As he does before every start, Hector Santiago leaned over the mound and drew lines with his glove from each side of the rubber toward home plate, the parallel markings a reminder for the Angels left-hander to "stay in my lane," as he puts it.
"It's about driving everything through the zone instead of getting balls running in and out," Santiago said, "those crazy pitches that you don't know where they're going."
The ritual helped Santiago rebound from an erratic 2014 season in which he was demoted to triple A to become one of the team's best starters this season, but it was of no use Friday night.
Santiago veered out of his lane, skidded off the road and into a ditch in the first inning of a 9-2 loss to the Toronto Blue Jays in Angel Stadium.
Fighting his mechanics and struggling to find his release point, Santiago walked four during a three-run, 25-minute half-inning in which he threw 48 pitches. He lasted only 32/3 innings, matching his shortest start of the season, and fell to 7-7 with a 2.91 earned-run average.
"I just kind of lost it," Santiago said.
So did his teammates. First baseman C.J. Cron dropped a routine popup in the third inning for an error, and another catchable popup fell between Cron, second baseman Ryan Jackson and right fielder Kole Calhoun in the seventh for a hit that cost the Angels a run.
Left fielder Shane Victorino committed his first error in more than two years when the ball popped out of his glove on a tough sliding catch attempt in the first, and he threw wild past home for another error in the ninth.
"If you're not catching popups, you're going to lose that game eight days a week," Manager Mike Scioscia said. "We lost this game in so many different ways, and defense was certainly one part of it. We have to play better."
The all-around dismal effort was no match for Toronto left-hander David Price, who gave up two runs and six hits in eight innings, struck out nine and walked one to lead the Blue Jays to their 14th win in 18 games.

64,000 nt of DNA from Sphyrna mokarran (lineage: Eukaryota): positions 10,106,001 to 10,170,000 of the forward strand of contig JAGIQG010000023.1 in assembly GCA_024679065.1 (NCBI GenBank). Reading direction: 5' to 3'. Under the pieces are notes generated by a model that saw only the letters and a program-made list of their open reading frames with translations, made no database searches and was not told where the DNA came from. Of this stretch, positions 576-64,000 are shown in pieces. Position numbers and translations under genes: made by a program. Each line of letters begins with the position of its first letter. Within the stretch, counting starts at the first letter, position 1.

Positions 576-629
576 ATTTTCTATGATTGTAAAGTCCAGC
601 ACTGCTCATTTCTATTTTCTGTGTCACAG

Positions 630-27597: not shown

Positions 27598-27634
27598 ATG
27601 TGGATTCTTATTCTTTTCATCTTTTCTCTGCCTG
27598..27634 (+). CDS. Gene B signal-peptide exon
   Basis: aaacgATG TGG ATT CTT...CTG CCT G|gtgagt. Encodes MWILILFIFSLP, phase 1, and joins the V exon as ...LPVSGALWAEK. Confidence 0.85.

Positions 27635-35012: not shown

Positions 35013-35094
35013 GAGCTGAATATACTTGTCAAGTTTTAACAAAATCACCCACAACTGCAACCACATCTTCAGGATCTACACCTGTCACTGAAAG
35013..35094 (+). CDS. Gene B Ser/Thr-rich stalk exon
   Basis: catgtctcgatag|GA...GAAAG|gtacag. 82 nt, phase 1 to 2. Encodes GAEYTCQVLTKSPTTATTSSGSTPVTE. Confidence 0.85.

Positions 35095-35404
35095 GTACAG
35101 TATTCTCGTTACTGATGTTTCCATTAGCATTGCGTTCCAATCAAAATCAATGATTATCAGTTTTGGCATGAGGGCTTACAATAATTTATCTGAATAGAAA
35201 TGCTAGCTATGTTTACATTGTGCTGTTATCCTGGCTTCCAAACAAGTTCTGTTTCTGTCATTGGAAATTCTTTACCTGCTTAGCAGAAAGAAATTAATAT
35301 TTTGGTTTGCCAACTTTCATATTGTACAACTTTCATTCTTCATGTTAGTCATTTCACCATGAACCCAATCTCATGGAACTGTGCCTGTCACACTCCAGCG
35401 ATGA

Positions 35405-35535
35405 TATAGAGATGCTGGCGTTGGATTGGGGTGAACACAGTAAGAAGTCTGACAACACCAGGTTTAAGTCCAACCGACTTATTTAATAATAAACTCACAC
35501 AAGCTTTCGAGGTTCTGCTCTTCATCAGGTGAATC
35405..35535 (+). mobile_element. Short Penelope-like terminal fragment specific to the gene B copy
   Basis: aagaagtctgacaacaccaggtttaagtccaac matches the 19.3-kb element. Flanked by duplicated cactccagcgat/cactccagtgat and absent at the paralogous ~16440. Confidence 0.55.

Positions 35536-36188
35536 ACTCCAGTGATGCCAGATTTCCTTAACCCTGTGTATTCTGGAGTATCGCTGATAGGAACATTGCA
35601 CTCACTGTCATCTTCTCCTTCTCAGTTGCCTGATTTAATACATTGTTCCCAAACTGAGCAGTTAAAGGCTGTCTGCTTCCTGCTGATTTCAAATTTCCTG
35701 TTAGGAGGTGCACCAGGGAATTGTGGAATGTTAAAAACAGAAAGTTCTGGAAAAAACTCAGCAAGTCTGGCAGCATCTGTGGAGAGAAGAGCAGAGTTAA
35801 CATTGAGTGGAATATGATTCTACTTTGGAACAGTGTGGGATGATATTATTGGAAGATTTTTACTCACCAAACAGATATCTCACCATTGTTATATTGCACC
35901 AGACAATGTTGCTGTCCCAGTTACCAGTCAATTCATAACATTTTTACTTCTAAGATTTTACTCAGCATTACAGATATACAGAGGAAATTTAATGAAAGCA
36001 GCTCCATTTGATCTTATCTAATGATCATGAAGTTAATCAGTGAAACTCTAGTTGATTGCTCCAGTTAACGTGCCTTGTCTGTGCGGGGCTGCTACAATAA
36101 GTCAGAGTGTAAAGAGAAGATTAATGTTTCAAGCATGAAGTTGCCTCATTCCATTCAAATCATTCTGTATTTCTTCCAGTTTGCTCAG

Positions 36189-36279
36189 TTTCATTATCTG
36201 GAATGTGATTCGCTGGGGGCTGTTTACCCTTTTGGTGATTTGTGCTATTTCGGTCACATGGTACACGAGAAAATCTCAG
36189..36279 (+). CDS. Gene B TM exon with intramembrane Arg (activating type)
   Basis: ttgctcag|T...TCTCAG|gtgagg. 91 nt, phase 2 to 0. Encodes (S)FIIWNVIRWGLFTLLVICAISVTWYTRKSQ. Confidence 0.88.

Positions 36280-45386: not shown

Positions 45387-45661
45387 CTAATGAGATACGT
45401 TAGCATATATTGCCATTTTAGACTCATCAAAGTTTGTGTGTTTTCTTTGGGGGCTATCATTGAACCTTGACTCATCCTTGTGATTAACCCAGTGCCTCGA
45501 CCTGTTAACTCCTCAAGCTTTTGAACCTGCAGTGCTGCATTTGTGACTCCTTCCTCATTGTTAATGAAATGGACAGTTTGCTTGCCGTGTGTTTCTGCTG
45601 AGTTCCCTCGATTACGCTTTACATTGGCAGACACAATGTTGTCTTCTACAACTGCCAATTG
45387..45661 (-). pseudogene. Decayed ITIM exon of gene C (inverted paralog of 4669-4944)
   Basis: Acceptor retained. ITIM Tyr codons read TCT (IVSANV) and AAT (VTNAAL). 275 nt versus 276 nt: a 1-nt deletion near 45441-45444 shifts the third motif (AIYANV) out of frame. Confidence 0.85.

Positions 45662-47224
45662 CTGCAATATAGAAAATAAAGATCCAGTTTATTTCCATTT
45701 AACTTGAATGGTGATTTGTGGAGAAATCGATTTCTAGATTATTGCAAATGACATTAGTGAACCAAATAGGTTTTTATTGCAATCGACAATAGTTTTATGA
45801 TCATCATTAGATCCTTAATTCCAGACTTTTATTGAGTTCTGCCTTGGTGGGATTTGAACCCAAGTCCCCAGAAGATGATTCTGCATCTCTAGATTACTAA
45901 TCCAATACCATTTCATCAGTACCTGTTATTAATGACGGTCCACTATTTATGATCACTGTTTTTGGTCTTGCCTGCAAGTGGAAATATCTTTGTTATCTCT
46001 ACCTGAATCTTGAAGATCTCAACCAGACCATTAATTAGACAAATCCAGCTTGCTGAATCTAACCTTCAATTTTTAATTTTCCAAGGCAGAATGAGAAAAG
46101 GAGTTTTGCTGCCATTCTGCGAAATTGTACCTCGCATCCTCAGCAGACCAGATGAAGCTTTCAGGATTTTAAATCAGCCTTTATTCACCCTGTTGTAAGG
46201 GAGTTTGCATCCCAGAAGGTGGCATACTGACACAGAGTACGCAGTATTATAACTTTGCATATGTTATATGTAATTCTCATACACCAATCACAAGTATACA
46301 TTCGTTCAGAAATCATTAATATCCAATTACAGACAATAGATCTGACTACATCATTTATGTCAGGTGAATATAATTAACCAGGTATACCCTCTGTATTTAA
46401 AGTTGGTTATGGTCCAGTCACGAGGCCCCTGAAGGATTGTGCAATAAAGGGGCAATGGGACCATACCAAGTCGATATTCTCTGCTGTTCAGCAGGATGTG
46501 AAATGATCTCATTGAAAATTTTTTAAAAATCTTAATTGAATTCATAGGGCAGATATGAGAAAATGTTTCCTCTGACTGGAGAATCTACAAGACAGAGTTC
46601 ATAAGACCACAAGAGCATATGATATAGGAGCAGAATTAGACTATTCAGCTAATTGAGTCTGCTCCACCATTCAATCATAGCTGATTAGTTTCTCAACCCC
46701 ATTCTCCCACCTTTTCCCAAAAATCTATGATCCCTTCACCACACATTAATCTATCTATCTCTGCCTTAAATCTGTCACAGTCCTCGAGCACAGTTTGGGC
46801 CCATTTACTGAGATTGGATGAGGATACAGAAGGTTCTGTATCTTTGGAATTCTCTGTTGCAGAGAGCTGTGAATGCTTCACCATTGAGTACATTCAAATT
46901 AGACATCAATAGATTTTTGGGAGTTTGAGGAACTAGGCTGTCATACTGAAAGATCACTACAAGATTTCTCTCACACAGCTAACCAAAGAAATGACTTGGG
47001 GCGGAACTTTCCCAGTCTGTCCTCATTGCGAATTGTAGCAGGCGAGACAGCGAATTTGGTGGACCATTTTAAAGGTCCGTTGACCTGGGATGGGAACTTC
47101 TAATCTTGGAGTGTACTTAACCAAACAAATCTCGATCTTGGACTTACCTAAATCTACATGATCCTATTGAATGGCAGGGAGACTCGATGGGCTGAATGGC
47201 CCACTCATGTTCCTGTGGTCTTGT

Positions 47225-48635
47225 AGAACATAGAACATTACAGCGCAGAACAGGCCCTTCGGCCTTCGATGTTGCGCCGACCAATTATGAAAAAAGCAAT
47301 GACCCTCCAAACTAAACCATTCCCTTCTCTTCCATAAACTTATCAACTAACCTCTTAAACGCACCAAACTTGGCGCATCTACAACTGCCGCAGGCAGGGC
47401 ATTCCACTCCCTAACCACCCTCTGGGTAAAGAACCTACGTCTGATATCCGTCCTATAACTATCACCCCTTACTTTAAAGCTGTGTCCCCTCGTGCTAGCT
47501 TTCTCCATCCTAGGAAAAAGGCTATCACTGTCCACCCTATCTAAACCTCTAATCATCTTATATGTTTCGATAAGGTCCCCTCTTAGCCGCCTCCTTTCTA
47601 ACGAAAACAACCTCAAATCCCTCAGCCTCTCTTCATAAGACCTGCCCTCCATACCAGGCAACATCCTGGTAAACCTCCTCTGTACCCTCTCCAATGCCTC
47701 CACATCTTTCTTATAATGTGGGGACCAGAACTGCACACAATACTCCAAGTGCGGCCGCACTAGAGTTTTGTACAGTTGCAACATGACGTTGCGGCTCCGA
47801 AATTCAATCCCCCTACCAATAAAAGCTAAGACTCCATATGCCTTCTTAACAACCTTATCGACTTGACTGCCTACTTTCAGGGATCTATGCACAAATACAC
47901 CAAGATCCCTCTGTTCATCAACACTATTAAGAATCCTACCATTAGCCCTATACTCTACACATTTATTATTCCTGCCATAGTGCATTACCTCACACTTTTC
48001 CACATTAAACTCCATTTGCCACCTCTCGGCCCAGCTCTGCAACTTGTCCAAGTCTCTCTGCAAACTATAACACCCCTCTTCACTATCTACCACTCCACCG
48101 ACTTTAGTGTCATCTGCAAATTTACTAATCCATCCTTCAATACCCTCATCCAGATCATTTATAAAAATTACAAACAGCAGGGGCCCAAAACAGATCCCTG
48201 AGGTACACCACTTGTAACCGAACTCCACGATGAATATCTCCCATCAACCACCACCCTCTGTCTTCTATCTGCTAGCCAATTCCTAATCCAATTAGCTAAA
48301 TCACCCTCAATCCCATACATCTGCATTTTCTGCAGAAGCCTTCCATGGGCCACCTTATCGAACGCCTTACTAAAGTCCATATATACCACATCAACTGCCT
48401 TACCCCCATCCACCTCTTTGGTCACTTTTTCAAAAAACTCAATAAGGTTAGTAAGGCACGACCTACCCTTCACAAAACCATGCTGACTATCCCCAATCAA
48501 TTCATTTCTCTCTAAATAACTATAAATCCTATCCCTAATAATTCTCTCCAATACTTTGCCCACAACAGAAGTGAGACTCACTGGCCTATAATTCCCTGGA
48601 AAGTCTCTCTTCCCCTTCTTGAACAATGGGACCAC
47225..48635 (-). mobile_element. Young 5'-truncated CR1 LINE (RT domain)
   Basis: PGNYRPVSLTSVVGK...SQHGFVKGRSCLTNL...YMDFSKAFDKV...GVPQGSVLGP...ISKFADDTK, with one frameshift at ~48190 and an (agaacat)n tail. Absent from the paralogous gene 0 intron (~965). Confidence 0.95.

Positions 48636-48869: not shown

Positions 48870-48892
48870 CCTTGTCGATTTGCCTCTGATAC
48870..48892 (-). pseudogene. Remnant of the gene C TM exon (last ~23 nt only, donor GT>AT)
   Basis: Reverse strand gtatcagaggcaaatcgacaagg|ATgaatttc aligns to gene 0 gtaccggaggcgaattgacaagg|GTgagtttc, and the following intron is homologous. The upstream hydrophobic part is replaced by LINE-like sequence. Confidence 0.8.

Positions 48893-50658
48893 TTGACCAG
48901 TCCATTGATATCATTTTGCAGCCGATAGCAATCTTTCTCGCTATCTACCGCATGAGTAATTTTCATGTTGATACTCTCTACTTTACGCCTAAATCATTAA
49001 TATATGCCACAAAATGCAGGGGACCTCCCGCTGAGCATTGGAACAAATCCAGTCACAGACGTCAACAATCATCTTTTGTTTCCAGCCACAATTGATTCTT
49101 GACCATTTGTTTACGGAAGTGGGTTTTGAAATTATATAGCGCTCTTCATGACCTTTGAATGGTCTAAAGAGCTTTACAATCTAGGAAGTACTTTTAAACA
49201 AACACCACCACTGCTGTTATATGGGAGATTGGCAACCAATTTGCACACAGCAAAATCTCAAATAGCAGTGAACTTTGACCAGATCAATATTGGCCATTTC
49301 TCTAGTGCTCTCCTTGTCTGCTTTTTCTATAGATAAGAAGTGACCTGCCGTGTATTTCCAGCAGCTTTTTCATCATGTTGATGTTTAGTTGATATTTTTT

In four starts since being acquired from Detroit, Price is 3-0 with a 1.78 ERA and has struck out 33 and walked six in 301/3 innings.
The Angels fell 31/2 games behind Houston in American League West but are a half-game ahead of Baltimore and Texas for the second wild-card spot.
"You could probably look at a couple of things and say we deserved to lose two or three today, but fortunately, it was one loss," Scioscia said. "We'll play better tomorrow."
As good as the Blue Jays are, with their quartet of vaunted right-handed sluggers in Josh Donaldson, Jose Bautista, Edwin Encarnacion and Troy Tulowitzki, their booming bats weren't the problem for Santiago Friday night. Santiago was.
Santiago struck out Tulowitzki to open the game but lost his feel for the strike zone, with many of his pitches sailing high and wide. Santiago walked Donaldson, Bautista and Encarnacion to load the bases and got Justin Smoak to pop to shortstop for the second out.
But he walked Russell Martin on a full-count pitch to force in a run. Kevin Pillar followed with a flare to shallow left. Victorino raced in and attempted a sliding catch, the ball nicking off his glove for an error that allowed two runs to score.
It was Victorino's first error since Aug. 14, 2013, ending a string of 113 games without an error.
Toronto scored six more runs, with Donaldson knocking in three to increase his AL-leading RBI total to 94, Ben Revere collecting four hits and Smoak hitting a two-run homer in the seventh.
But the tone was set in the first, when Santiago struggled.
"Hector just lost his release point and was all over the place," Scioscia said. "When you're sitting on almost 50 pitches in first inning, it's tough to rebound from, no matter how much stamina you have."